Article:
Bill removing ‘archaic’ restrictions on abortions passes Assembly
The Assembly on Tuesday approved legislation removing what supporters described as archaic restrictions on abortions in Nevada.
The bill, SB179, sponsored by Democratic state Sen. Yvanna Cancela would repeal a requirement that physicians document a pregnant woman’s marital status. It would also remove a criminal penalty for anyone who causes an abortion without the advice of a physician.
But it drew opposition from primarily Republicans over the removal of a requirement doctors certify a woman’s age and marital status before performing an abortion.
Assemblywoman Michelle Gorelow, D-Las Vegas, pointed out that, in 1990, Nevada voters overwhelmingly approved a ballot question supporting women’s reproductive rights. She added that polls have consistently shown Nevada to be a pro-choice state.
But now, she said, women’s rights “are under attack at the federal level and across the country.
“I believe in a person’s right to individual choices,” said Assemblywoman Robin Titus, R-Wellington.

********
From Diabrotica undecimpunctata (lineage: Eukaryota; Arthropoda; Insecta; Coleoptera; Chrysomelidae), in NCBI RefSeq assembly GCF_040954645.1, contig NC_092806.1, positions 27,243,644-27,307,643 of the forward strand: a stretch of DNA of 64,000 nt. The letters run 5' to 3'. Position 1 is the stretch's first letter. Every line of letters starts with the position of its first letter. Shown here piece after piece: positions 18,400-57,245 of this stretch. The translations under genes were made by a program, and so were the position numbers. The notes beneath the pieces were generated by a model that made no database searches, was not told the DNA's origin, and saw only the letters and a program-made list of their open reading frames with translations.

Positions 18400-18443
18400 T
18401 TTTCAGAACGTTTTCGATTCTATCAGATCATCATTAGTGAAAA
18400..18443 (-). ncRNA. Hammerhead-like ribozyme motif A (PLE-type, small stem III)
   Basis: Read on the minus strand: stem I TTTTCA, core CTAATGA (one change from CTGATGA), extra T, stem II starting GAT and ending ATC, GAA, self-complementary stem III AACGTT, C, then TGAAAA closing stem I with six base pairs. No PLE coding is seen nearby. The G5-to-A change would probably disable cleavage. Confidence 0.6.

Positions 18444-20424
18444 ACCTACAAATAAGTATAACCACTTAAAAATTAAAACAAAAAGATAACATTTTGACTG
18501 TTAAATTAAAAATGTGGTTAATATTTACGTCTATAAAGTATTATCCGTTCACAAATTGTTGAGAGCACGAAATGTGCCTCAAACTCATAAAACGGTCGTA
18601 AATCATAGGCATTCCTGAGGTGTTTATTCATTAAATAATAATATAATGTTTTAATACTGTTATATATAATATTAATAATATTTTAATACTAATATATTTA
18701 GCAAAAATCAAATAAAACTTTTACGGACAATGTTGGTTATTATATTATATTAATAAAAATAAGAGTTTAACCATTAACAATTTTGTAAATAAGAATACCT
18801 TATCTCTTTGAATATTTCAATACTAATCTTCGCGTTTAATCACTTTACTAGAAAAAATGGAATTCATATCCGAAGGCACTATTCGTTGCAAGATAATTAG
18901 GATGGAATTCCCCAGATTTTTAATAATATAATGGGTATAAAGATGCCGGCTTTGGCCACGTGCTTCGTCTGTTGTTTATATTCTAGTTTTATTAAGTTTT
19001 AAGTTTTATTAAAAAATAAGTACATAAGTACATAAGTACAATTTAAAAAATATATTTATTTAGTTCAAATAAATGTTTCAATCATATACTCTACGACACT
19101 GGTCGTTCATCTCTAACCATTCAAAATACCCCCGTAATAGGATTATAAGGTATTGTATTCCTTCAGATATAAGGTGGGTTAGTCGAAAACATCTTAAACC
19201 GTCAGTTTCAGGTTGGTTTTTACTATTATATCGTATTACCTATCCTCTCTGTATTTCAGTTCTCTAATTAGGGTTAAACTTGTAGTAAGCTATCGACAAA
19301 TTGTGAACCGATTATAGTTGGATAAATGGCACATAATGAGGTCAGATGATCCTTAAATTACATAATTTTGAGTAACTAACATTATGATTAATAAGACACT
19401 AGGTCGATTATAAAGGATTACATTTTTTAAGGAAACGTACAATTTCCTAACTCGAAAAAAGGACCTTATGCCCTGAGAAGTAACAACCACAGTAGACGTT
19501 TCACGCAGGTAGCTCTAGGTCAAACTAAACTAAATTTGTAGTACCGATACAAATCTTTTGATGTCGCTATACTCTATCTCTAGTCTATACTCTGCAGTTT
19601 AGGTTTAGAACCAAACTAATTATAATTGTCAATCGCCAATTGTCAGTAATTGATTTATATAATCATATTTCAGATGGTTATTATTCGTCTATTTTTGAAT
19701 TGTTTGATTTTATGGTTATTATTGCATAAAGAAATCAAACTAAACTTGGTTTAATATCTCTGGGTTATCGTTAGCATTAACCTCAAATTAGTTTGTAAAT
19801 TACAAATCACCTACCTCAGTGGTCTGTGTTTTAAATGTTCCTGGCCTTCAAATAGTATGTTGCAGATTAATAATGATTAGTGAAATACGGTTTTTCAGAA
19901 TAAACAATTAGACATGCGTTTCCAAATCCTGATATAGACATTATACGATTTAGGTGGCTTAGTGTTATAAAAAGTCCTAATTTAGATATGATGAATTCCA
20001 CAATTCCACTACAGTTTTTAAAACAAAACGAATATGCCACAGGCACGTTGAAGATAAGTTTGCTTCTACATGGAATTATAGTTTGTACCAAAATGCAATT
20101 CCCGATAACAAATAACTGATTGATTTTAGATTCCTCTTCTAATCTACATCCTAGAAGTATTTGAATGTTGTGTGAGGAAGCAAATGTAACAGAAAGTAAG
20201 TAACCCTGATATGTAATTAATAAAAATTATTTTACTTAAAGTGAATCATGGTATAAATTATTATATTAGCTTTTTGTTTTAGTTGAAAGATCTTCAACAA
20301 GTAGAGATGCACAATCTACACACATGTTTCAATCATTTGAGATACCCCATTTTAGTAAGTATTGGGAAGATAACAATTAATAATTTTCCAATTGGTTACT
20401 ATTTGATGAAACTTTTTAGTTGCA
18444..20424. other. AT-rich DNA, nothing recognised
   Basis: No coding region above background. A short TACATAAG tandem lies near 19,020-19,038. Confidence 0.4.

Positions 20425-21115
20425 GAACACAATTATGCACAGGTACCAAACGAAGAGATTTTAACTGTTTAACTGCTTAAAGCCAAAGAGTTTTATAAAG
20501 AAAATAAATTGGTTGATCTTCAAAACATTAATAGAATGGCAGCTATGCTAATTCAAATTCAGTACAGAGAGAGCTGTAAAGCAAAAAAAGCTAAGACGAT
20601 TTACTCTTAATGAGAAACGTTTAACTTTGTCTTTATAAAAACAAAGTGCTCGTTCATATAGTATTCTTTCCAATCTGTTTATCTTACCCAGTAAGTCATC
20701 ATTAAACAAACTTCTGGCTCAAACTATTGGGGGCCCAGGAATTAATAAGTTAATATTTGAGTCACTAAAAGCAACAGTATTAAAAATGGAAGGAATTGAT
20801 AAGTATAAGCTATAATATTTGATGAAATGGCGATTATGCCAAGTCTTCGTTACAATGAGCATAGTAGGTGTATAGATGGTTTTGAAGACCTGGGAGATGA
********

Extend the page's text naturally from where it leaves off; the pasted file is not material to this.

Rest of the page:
But she said removing the requirement that a physician document a woman’s age eliminates a safety net protecting women who may be being coerced into an abortion by some one. Titus pointed out that as a physician, she isn’t even allowed to give a minor an aspirin without parental permission so doctors need to confirm some one’s age before an abortion.
She was joined by several others including Alexis Hansen, R-Sparks, who said the age requirement protects against “bad actors who exploit women.”
SB179 was approved 27-13 on a mostly party line vote. The bill goes back to the Senate for concurrence on amendments to the original bill. The legislation cleared the Senate last month in a 12-9 vote with general opposition from Republican lawmakers.
Before the bill was heard, dozens of people rallied outside the Legislature.
Cancela addressed the crowd and described Nevada as “the shining beacon that we are for women’s rights.”
The Associated Press contributed to this article.